Wednesday, April 29, 2009

Holding on to LIFE

Sometimes the end comes quickly.  But sometimes it comes slowly, after years and years of a downhill spiral or months and months of deterioration.  Which is better?  Who can say.

For my mother it's been a slow progression along with times when she fooled us into thinking the end had come.  Close brushes with death, high fevers and serious infections we thought she couldn't overcome, but she did.  A fighter to the end.  Even now as she's endured a major stroke, she is hanging on, leaving all of us hanging on in the balance.

I'm reminded of a scene in Rocky when he's in the boxing ring, knocked down by Apollo Creed, struggling to get back on his feet, and eventually he does.  One of the commentators says, "What is keeping him up?"

I guess some people have a very strong determination when it comes to surviving/winning in life.  No matter how many times they're knocked down, they just keep coming back.
My mother has lived a long life, that's for sure.  No one would blame her for wanting to bow out at this point and go join hands with Dad in heaven.  But something is keeping her here.  I don't know what that is, but perhaps it's us--her family.  If she feels a very strong tie to us, her daughters, maybe she simply doesn't want to let go.  Perhaps her motherly instincts are telling her we need her so she thinks she has to hang on.

But it's a painful roller coaster ride of emotions for us watching her go up and down, back and forth between living and dying.  I sat at her bedside last Wednesday watching and listening to her breathe, loudly at first, then very softly later on.  Her mouth was open and drooping on one side--the telltale signs of a stroke.  We were told she was dying so we sat at her bedside, ready for anything.  I wasn't sure I really wanted to be there for the end because I've never watched someone die before and I didn't know if I could handle it.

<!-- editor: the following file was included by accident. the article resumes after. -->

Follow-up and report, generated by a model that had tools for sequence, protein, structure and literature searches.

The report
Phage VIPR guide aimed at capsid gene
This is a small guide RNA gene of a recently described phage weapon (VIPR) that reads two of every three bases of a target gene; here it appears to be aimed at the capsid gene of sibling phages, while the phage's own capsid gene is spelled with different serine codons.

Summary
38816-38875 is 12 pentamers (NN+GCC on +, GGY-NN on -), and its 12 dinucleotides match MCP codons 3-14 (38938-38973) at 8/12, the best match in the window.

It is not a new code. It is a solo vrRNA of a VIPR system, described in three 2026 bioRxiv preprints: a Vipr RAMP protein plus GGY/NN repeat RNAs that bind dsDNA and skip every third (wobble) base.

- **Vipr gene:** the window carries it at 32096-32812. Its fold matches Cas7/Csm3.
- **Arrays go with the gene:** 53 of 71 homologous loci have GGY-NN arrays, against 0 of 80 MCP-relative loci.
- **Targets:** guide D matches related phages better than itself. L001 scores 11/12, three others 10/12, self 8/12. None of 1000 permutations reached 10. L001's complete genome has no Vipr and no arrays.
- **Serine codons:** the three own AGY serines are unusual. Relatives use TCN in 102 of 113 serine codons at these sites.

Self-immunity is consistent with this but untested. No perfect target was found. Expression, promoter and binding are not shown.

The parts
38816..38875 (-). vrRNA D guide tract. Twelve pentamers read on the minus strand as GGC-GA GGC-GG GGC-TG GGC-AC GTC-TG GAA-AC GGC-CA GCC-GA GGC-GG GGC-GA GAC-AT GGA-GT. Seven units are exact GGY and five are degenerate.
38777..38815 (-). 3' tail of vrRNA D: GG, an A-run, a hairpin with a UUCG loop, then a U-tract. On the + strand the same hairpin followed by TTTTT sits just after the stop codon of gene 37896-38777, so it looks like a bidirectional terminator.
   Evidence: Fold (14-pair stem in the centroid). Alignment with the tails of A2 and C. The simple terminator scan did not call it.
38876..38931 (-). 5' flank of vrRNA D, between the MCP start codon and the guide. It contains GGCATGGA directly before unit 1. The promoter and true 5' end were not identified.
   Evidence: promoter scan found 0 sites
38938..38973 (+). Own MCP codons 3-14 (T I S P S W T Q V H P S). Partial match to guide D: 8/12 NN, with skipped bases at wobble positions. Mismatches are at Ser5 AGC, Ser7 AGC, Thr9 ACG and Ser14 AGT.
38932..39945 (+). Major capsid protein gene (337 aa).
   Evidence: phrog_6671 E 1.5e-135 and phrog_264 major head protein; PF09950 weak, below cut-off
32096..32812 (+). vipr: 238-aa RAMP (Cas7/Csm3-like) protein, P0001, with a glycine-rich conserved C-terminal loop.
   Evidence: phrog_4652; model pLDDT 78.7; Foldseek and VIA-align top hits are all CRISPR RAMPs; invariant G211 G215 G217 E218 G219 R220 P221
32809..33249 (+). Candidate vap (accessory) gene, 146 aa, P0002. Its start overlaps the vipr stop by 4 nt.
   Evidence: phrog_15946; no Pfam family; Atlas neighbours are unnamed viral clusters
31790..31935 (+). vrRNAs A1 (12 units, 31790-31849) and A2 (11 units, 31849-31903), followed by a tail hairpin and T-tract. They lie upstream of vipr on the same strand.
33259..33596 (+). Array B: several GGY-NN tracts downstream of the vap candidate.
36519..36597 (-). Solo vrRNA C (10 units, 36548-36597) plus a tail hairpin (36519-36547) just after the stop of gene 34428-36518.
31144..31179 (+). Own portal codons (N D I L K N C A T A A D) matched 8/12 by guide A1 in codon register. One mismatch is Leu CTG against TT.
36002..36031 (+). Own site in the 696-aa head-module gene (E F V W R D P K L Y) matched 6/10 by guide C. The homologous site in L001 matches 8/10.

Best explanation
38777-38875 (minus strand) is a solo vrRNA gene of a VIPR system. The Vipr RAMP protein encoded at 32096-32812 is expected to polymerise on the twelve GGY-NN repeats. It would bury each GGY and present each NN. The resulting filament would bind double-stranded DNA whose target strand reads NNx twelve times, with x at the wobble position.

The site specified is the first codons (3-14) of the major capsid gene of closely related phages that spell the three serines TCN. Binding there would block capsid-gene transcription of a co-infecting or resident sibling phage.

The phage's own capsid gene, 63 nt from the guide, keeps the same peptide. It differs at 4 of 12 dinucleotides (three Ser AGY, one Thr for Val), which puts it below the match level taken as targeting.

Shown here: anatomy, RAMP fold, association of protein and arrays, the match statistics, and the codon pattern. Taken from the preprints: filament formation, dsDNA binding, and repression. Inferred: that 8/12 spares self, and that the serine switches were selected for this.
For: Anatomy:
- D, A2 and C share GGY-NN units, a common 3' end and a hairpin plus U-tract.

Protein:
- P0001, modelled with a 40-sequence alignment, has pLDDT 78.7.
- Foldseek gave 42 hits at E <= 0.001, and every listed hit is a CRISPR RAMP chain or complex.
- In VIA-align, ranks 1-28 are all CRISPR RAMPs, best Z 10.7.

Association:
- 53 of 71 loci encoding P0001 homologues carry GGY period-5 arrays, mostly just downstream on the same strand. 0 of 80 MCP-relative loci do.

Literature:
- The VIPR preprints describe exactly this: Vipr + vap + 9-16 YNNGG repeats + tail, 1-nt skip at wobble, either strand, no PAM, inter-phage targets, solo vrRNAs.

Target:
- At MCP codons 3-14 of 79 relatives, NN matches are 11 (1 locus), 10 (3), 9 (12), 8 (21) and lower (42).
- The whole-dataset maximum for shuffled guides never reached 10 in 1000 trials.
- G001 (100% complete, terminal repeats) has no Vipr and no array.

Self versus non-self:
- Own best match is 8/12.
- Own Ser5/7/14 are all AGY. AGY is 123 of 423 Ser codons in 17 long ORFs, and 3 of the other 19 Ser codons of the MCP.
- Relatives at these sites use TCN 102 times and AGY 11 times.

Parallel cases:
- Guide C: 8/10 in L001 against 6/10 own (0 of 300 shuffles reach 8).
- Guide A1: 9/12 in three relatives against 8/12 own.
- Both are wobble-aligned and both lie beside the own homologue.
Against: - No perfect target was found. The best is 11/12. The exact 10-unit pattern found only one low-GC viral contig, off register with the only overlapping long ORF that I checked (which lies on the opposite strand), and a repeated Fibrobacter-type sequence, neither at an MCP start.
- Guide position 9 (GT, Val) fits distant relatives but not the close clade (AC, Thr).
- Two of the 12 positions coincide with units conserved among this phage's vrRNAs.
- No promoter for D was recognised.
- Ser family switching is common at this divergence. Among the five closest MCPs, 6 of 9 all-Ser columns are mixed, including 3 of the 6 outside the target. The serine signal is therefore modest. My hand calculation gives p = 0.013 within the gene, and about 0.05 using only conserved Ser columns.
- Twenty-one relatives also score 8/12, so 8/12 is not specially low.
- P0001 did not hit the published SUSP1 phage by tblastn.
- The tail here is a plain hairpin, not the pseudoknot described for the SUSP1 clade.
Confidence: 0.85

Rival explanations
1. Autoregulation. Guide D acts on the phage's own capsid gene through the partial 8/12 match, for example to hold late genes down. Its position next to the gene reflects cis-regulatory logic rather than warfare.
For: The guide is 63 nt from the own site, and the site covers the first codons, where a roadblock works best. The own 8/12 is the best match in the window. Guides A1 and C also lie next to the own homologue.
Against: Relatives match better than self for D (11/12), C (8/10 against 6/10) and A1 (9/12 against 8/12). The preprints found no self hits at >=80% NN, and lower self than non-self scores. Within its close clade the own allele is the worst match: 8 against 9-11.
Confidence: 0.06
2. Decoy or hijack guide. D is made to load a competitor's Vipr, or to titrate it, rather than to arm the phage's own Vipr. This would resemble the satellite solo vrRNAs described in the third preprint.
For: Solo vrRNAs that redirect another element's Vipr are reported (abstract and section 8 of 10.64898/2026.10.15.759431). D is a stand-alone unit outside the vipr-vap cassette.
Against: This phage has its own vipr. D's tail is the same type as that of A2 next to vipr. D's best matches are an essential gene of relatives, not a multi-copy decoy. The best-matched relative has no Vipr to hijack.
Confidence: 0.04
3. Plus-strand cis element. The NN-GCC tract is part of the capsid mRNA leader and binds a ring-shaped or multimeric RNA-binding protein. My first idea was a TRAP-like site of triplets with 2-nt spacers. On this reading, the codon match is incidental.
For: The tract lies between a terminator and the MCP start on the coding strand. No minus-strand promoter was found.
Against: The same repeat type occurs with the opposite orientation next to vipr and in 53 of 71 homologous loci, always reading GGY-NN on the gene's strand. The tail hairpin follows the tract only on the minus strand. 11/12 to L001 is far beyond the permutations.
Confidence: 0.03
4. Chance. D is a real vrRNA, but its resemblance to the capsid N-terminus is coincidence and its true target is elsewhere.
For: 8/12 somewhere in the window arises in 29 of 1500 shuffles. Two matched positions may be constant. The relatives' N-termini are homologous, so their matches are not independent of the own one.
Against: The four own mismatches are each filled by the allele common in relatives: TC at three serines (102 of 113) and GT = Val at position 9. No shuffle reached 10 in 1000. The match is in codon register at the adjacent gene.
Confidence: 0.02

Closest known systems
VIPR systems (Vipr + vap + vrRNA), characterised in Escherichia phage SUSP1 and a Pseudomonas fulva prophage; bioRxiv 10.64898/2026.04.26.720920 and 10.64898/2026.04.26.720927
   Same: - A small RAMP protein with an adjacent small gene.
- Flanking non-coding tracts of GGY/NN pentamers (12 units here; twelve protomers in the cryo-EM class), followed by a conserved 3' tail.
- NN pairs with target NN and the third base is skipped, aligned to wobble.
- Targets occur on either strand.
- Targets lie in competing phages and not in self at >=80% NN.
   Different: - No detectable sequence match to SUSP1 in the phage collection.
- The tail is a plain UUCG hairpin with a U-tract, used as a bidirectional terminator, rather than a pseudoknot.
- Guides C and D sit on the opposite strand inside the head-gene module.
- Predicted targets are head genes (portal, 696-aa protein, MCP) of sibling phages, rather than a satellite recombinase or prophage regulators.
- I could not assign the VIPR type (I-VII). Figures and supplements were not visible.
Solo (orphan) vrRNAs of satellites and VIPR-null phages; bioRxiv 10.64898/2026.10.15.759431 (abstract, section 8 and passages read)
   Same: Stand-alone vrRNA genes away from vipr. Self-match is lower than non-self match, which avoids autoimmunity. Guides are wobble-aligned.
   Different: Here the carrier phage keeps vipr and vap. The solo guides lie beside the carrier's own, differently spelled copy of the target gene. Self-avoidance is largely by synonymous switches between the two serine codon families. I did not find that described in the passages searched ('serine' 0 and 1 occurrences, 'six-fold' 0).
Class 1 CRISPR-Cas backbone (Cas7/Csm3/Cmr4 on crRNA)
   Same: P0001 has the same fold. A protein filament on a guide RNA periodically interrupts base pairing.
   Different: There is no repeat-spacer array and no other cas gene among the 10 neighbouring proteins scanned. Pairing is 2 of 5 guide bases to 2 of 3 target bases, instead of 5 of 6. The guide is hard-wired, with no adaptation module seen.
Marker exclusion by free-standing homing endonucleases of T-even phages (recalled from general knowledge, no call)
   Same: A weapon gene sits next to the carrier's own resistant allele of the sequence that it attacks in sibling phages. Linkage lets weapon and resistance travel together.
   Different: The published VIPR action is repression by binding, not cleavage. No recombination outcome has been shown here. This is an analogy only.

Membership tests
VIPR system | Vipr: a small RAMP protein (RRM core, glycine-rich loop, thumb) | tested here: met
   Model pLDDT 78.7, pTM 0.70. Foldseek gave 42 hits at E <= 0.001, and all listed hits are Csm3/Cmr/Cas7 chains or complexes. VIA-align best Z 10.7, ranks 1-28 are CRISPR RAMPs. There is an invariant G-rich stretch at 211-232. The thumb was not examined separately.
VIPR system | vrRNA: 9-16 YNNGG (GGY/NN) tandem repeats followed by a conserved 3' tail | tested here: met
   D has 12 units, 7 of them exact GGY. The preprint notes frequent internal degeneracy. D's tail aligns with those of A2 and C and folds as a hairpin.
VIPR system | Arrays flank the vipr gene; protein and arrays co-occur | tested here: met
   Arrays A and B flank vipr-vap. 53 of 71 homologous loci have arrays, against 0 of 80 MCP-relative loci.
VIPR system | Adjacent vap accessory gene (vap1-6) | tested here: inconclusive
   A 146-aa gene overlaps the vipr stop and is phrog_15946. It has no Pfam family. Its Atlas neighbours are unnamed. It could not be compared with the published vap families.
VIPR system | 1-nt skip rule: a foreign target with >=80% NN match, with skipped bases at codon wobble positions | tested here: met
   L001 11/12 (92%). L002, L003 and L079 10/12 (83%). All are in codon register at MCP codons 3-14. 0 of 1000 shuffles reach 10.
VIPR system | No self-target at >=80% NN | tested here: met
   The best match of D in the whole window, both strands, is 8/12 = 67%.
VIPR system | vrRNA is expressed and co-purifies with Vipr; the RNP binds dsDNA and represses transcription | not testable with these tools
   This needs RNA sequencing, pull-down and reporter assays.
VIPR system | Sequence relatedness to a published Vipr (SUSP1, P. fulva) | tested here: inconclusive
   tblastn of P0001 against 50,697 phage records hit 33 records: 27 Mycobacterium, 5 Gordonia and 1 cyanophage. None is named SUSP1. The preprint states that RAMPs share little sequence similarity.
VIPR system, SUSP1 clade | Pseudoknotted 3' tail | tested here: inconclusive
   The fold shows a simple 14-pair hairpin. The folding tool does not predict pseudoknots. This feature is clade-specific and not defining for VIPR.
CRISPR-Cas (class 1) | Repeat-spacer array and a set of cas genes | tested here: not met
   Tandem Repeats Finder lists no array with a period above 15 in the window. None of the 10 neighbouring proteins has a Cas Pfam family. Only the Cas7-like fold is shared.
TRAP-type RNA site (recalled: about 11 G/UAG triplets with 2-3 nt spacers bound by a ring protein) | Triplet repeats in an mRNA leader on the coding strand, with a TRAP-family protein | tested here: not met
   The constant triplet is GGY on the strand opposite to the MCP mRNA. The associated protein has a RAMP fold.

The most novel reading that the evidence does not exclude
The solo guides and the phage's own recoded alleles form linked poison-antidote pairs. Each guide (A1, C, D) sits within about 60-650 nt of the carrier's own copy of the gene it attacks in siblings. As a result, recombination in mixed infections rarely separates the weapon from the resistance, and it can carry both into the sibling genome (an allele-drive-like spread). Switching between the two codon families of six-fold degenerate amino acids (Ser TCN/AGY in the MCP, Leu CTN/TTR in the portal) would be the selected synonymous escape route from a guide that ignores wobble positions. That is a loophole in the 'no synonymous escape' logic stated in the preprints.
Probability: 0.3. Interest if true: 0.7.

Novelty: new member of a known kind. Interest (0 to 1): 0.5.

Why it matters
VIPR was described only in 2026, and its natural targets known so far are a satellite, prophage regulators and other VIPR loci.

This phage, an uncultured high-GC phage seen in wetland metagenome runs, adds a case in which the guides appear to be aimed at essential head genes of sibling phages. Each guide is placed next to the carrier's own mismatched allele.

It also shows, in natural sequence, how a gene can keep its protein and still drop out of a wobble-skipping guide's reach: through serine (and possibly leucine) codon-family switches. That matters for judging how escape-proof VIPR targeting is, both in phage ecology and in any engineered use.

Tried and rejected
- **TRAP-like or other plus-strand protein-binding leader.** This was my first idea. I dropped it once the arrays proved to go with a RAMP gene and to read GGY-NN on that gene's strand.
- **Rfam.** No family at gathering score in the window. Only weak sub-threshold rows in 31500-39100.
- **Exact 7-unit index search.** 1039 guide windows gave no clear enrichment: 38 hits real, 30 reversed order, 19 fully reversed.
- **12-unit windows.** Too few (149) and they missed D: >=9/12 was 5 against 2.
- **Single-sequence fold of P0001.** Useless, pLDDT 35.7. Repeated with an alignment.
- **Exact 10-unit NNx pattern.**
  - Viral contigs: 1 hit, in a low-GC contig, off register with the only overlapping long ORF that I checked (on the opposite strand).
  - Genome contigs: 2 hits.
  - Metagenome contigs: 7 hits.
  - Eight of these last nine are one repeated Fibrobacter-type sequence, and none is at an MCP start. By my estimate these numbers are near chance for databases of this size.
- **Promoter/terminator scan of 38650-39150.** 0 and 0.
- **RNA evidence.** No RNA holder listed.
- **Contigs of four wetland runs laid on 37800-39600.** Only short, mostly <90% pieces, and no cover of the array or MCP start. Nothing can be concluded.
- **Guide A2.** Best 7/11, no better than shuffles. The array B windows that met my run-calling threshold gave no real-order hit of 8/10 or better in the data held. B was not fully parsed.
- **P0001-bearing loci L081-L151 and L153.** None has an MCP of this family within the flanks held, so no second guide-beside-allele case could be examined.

I went home in the afternoon and didn't know what to do with myself.  Nothing seemed to be the right thing to do.  Every time the phone rang, I feared the worst.  I couldn't eat, couldn't sleep, couldn't write, couldn't rest.  This state of limbo is just torture on the living.

The next day my mother woke up and was hungry for breakfast.  She amazed all the nurses as well as all of our family.  They did not expect her to recover.  And even though we all breathed a sigh of relief, we know the end is still coming.  It's a day to day situation in which she sleeps a lot, doesn't eat very much, doesn't really speak much, doesn't walk around, doesn't participate in daily activities that keep people feeling vibrant and happy--and therefore her quality of life is not one to be desired.

I'm preparing myself for the day when she will leave this world.  I have to.  As hard as it is letting go, hanging on is also painful.  I want her to be at peace.


  1. I feel for you, Kathy, and I'm so sorry it's to this stage.

    Hold on to your words. Their beauty will help you through.

  2. My mother had five daughters, no sons. We went through just about the same thing. Our mother was a fighter too. Every phone call, every visit, we held our breath. Steeled ourselves for "that day." Such love you have, and she has for all of you! Your post is beautiful. My thoughts and prayers are with you, Kathy.
    Anne (aka "stormie" at AW)

  3. Yes, Kathy...
    thoughts and prayers are with you and yours.

    I've had years to get over my Dad's death...
    his came without warning, on a rainy Tuesday.
    But to feel what you're enduring - yes, torturous. And I'm so sorry.

    Your honor for your Mom is very clear.
    Remember to nourish yourself.
    The river will deliver all things when it's time.

    Take special care, Kathy~

  4. Thanks to all.

    Writing about it helps a lot. It's possible my sisters will ask me to write something for her funeral (I gave the eulogy for my Dad's), so I'm trying to put some thoughts down on paper.